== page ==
Mou X, Li T, Wang J, et al.
Genetic Variation of BCL2 (rs2279115), NEIL2 (rs804270), LTA (rs909253), PSCA (rs2294008) and PLCE1 (rs3765524, rs10509670) Genes and Their Correlation to Gastric Cancer Risk Based on Universal Tagged Arrays and Fe3O4 Magnetic Nanoparticles.
J Biomed Nanotechnol. 2015; 11(11):2057-66 [PubMed] Related Publications
With the help of Fe3O4 nagnetic nanoparticles as a solid carrier and an excellent tool for separation, six SNP loci (rs2279115 of BCL2 gene, rs804270 of NEIL2 gene, rs909253 of LTA gene, rs2294008 of PSCA gene, rs3765524 and rs10509670 of PLCE1 gene) were selected to evaluate their relation to gastric cancer risk. Using two kinds of functionalized magnetic nanoparticles and universal tagged arrays, the whole operation procedure including genome DNA extraction and SNP genotyping was performed. All genotypes and allele frequencies were calculated in the cases and controls respectively to analyze their association with gastric cancer risk. Totally 200 pathological samples and 134 normal control subjects were collected. The results demonstrated that four SNP loci (rs2279115, rs804270, rs909253 and rs3765524) showed a potential association with gastric cancer risk, and the other two (rs2294008, rs10509670) possessed no difference/association among cases and controls.

Chang K, Kong YY, Dai B, et al.
Combination of circulating tumor cell enumeration and tumor marker detection in predicting prognosis and treatment effect in metastatic castration-resistant prostate cancer.
Oncotarget. 2015; 6(39):41825-36 [PubMed] Free Access to Full Article Related Publications
Although circulating tumor cell (CTC) enumeration in peripheral blood has already been validated as a reliable biomarker in predicting prognosis in metastatic castration-resistant prostate cancer (mCRPC), patients with favorable CTC counts (CTC < 5/7.5 ml) still experience various survival times. Assays that can reduce patients' risks are urgently needed. In this study, we set up a real-time quantitative polymerase chain reaction (RT-qPCR) method to detect epithelial-mesenchymal transition (EMT) and stem cell gene expression status in peripheral blood to validate whether they could complement CTC enumeration. From January 2013 to June 2014 we collected peripheral blood from 70 mCRPC patients and enumerated CTC in these blood samples using CellSearch system. At the same time, stem cell-related genes (ABCG2, PROM1 and PSCA) and EMT-related genes (TWIST1 and vimentin) were detected in these peripheral blood samples using an RT-qPCR assay. Patient overall survival (OS) and treatment methods were recorded in the follow-up. For patients who received first-line chemotherapy, docetaxel plus prednisone, PSA progression-free survival (PSA-PFS) and PSA response rate were recorded. At the time of analysis, 35 patients had died of prostate cancer with a median follow-up of 16.0 months. Unfavorable CTC enumerations (CTC ≥5/7.5 ml) were predictive of shorter OS (p = 0.01). Also, positive stem cell gene expression indicated poor prognosis in mCRPC patients (p = 0.01). However, EMT gene expression status failed to show any prognostic value in OS (p = 0.78). A multivariate analysis indicated that serum albumin (p = 0.04), ECOG performance status (p < 0.01), CTC enumeration (p = 0.02) and stem cell gene expression status (p = 0.01) were independent prognostic factors for OS. For the 40 patients categorized into the favorable CTC enumeration group, positive stem cell gene expression also suggested poor prognosis (p < 0.01). A combined prognostic model consisting of stem cell gene expression and CTC enumeration increased the concordance probability estimated value from 0.716 to 0.889 in comparison with CTC enumeration alone. For patients who received docetaxel plus prednisone as first-line chemotherapy, positive stem cell gene expression suggested a poor PSA-PFS (p = 0.01) and a low PSA response rate (p = 0.008). However, CTC enumeration and EMT gene expression status did not affect PSA-PFS or PSA response rates. As a result, detection of peripheral blood stem cell gene expression could complement CTC enumeration in predicting OS and docetaxel-based treatment effects in mCRPC patients.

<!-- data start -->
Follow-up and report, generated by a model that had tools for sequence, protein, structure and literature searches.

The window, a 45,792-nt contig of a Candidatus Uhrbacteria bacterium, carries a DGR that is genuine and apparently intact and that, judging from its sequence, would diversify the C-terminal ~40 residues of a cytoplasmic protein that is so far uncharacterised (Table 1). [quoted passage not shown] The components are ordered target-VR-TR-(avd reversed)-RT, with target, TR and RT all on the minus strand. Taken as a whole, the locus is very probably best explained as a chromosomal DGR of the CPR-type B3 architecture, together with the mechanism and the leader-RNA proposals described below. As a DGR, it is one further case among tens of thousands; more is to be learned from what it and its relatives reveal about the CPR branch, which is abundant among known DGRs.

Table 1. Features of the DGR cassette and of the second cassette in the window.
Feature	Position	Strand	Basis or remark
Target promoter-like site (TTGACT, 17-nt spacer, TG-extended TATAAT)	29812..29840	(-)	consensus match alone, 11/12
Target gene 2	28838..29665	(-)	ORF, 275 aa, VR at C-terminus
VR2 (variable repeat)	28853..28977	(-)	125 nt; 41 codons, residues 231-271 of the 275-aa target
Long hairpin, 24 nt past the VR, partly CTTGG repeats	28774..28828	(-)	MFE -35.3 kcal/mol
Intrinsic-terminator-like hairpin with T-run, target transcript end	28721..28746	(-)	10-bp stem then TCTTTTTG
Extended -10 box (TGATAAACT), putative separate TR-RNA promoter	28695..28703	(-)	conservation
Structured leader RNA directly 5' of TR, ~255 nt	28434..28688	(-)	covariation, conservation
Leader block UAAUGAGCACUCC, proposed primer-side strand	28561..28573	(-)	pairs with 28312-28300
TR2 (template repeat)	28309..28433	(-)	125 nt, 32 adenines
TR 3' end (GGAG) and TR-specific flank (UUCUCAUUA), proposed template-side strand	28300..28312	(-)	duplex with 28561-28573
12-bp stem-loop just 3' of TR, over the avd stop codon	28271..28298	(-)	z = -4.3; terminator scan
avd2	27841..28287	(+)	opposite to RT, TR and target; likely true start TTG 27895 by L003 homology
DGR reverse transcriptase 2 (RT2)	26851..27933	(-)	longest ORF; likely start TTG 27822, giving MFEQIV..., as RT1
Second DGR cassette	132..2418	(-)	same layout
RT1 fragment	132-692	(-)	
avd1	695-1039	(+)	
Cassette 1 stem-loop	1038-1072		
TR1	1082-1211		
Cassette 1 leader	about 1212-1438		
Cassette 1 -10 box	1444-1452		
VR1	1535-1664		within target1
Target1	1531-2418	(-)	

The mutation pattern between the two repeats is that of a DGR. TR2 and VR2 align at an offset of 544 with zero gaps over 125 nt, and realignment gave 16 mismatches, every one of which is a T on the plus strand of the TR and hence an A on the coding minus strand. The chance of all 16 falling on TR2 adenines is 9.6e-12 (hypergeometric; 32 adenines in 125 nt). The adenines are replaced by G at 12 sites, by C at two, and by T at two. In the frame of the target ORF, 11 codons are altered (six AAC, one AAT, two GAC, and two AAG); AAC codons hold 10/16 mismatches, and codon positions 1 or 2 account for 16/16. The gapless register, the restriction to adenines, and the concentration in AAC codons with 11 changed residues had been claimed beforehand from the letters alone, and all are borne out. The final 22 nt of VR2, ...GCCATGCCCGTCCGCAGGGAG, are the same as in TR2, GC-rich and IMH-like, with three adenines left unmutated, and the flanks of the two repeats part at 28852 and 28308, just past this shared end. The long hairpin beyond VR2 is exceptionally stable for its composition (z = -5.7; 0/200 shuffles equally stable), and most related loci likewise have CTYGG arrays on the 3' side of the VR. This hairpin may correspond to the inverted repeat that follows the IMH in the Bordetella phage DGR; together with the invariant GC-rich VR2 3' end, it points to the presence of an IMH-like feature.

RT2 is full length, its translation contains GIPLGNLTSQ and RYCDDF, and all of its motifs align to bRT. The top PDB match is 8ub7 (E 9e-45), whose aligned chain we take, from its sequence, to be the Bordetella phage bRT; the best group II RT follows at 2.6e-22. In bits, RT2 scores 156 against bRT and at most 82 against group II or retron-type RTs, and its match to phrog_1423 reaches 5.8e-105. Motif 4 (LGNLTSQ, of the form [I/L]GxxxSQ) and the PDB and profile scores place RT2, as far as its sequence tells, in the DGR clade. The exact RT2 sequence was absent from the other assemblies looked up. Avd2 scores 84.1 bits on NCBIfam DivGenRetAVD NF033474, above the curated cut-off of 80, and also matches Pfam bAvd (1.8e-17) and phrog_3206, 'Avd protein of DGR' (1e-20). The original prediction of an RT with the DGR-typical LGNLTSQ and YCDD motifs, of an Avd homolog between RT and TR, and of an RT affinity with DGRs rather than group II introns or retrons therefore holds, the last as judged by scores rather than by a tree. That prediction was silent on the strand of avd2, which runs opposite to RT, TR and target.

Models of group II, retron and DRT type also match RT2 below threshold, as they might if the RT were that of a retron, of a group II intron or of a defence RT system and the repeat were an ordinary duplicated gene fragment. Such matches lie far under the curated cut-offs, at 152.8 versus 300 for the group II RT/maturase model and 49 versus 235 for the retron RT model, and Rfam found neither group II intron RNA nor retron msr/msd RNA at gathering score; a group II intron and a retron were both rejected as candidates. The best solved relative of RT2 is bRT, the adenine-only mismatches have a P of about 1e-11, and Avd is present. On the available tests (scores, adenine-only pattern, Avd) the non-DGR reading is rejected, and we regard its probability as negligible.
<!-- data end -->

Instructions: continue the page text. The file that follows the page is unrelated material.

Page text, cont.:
Zhao Z, He J, Kang R, et al.
RNA interference targeting PSCA suppresses primary tumor growth and metastasis formation of human prostate cancer xenografts in SCID mice.
Prostate. 2016; 76(2):184-98 [PubMed] Related Publications
BACKGROUND AND OBJECTIVES: Prostate stem cell antigen (PSCA) is a cell surface, glycosylphosphatidylinositol (GPI)-anchored glycoprotein. Its overexpression has been detected in both local and metastatic prostate cancer (PCa), making it a potential therapeutic target. We previously reported that silencing PSCA by small interfering RNA targeting human PSCA (siRNA-PSCA) inhibited biological activity of PSCA-positive PCa cells leading to reduced proliferation, motility and invasion in vitro. In this study, we extended this in vitro findings to in vivo settings in order to investigate the effects of this specific siRNA on the tumor growth and metastasis development of PCa in vivo.